|【Organo-fluorine Compounds: PFOS・PFOA】|
Hyogo Prefectural Institute of Public Health and Environmental Sciences
– physicality, environmental pollution and toxicity –
Organo-fluorine Compounds, such as PFOS (Perfluorooctanesulfonic acid) and PFOA (Perfluorooctanoic acid) and their chlorides belong to fluorine-containing surfactants. PFOS is a sulfone acid type of surfactant, while PFOA is a carboxylic acid type. Surfactants are composed of the hydrophilic group, the hydrophobic group and the lipophilic group within an identical molecule. It is one type of amphiphatic organic compound, which can change surface physical-chemical properties, including the decrease in surface tension, by adsorbing at the boundaries of the liquid and gas phases with a different polarity and liquid phase. Surfactants demonstrate effective activities, such as detergency, emulsification, dispersion, solubilization and moistening with this physicality. Many types of surfactants are present by combining the hydrophilic group and the hydrophobic group. Using the dissociation state of the hydrophilic group in water, surfactants are classified into the following four groups: anionics, cationics, amphoterics and nonionics.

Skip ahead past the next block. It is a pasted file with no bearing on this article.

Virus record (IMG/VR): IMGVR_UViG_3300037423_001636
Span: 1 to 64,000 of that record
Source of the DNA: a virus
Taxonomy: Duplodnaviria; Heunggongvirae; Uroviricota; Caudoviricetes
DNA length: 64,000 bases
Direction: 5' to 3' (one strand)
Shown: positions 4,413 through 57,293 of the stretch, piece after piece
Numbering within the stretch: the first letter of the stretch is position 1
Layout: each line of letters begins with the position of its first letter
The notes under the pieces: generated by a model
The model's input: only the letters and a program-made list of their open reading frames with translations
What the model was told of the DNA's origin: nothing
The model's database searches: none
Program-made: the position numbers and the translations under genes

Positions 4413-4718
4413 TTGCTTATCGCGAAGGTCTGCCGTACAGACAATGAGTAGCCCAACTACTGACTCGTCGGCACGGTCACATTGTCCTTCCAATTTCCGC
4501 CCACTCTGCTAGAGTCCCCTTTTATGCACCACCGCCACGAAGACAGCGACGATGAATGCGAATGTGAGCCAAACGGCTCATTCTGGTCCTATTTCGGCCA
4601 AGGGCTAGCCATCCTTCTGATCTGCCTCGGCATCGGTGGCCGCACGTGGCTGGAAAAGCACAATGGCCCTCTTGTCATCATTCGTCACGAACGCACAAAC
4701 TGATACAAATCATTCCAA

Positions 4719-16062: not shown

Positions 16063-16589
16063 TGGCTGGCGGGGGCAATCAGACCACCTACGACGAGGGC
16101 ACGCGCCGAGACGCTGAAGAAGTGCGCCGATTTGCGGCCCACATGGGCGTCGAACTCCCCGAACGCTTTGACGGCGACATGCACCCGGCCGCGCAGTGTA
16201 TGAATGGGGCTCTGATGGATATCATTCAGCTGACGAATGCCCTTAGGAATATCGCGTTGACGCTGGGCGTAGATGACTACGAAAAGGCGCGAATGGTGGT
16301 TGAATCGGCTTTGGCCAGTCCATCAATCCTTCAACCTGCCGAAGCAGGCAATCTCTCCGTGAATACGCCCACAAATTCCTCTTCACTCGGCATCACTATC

PFOS and PFOA are anionics and have the structure consisting of a fluorine atom with which all hydrogen atoms from the linear-alkyl chain, which is a hydrophobic group, are replaced. Since PFOS and PFOA are surfactants, they are soluble in water and oil (aqueous solubility: PFOS 570mg/L，PFOA 3,400mg/L). The van der Waals radius of a fluorine atom is higher than that of a hydrogen atom, so that the carbon atoms of the hydrophobic alkylic framework are coated and the chemical stability of the module is increased. Also, the free energy of the fluorocarbon hydrophobic group (Rf group) is generally smaller than that of the hydrocarbon hydrophobic group (R group). For example, if they cover the water surface as a surfactant, the surface free energy becomes smaller and the surface tension is significantly decreased. Therefore, critical micelle concentration, which is a rough indication of the limitation of detergent action, becomes much lower than hydrocarbon-containing surfactants, which have the same carbon numbers and can demonstrate effective surface activities even with a low concentration.